Showing off trail skills in Manitoba…
This event took place at the drivers course created for the 1967 Pan American Games… that what you call legacy…
See the rest of the images in my Gallery.
This morning Nathan ands and I joined our local camera club on a tour of the Exchange District in downtown Winnipeg. The Exchange District is the historic core of Winnipeg dating from when the City was one of the fastest growing in the world. But that was many decades ago, today the Exchange District has a vibrant theatre and café culture in the centre of the business district of the city.
Completed in 2010, the Cube is a concrete stage in the middle of the old market square. The stage features a curtain comprised of chain mail.
The Red River forms the Eastern boundary of the Exchange District where you can find the Stephen Juba Park where the Selkirk Settlers are celebrated. The Scots cleared from their lands in 1812 were helped by Thomas Douglas, 5th Earl of Selkirk, to settle in the fertile Red River valley near present day Winnipeg. There they planted a bushel and a half of wheat brought over from Scotland and established the first agricultural settlement in Manitoba. Today, southern Manitoba, which sits at the northern edge of the great North American prairie, exports wheat and canola all over the world.
Here are two approaches to street photography, I am sure there must be others.
“The Sign Holder” came about by shooting with a camera at waist level as I walked along Princess Street. You get what you get, especially when there are crowds, most of the shots end up in the bin but a handful can be a pleasant surprise. This man could have doubled the reach of his marketing campaign by using both sides of the sign!! Tips are to choose a small aperture, and an ISO that will give a sufficiently fast shutter speed to eliminate camera shake. A wide lens with image stabilization also helps.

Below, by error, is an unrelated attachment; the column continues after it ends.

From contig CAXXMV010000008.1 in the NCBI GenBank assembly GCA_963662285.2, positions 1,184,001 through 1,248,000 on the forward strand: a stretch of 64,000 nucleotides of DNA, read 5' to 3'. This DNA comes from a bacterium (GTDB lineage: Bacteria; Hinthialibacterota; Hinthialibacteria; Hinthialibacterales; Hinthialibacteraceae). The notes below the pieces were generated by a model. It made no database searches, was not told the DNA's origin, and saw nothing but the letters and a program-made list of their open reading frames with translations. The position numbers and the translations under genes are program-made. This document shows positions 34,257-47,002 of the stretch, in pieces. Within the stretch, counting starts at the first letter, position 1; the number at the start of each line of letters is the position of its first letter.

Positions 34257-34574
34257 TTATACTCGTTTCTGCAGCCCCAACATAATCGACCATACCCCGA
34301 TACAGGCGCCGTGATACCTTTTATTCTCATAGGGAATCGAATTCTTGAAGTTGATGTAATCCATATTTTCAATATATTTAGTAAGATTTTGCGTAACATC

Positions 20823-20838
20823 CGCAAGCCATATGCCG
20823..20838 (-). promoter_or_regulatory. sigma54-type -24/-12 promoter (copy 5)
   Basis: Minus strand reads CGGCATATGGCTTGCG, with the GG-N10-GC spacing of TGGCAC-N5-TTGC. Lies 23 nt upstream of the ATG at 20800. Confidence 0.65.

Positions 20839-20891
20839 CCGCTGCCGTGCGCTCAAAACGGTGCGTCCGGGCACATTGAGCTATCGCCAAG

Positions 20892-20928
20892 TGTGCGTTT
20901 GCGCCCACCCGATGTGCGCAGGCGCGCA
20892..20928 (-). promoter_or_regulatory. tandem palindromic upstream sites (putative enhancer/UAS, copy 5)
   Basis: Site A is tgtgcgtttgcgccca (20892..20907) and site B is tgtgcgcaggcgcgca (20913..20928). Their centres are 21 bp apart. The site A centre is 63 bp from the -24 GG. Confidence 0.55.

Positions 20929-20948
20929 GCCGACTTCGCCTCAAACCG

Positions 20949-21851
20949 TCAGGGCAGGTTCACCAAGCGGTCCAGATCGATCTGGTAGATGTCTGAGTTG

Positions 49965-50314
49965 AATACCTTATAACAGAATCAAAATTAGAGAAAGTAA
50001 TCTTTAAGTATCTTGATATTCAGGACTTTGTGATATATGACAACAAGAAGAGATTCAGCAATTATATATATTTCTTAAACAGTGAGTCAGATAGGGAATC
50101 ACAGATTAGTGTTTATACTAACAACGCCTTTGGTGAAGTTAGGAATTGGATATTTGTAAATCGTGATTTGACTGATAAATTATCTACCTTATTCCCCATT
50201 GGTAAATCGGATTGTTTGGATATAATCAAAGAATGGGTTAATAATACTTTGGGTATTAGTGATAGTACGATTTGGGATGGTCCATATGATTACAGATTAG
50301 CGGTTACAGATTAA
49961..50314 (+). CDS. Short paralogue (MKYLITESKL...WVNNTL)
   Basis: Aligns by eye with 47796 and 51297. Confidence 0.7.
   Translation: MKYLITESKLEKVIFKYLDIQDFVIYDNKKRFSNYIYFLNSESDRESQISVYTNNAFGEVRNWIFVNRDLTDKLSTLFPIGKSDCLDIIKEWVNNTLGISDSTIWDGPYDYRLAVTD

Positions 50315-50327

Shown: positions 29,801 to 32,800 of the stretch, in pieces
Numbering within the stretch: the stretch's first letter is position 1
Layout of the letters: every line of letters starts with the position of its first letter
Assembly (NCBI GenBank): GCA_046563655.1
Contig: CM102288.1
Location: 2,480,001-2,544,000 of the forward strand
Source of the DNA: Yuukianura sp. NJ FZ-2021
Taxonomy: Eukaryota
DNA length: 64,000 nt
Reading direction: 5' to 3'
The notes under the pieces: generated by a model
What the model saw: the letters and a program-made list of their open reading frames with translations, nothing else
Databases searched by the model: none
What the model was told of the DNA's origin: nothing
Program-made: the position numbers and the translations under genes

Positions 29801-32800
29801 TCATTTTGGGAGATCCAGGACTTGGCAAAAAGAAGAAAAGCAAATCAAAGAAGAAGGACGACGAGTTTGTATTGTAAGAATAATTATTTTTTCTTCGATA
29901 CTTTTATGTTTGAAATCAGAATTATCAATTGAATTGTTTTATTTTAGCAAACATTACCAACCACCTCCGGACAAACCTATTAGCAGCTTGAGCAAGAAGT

“Sleeping Through Calgary” is at the other end of the spectrum. I spotted the scene and envisioned the photograph, composed and shot multiple exposures due to the high contrast then finished the image off in the digital dark room.
A short walk from our house takes us to Crescent Park, which is next to the nine hole golf course I play with Nathan. The park runs in a broad strip in a crescent shape between the golf course and the red river.
A low camera angle creates reflections on the river in the distance which hides the muddy reality of the red river which transports enormous amounts of clay from the Dakota’s depositing it in lake Winnipeg to the North.
The clay river banks are drying out and breaking up in the sun producing an attractive pattern. We stop and chat to a local fisherman who has just pulled in Walleye from the river. This is a frequent spot for him to fish but it is not somewhere you can expect to go home clean from, the clay at the water’s edge is steep and slippery. It would be easy to slip into the river and difficult to get a hold on something to pull yourself out. We walk on as the man releases his catch.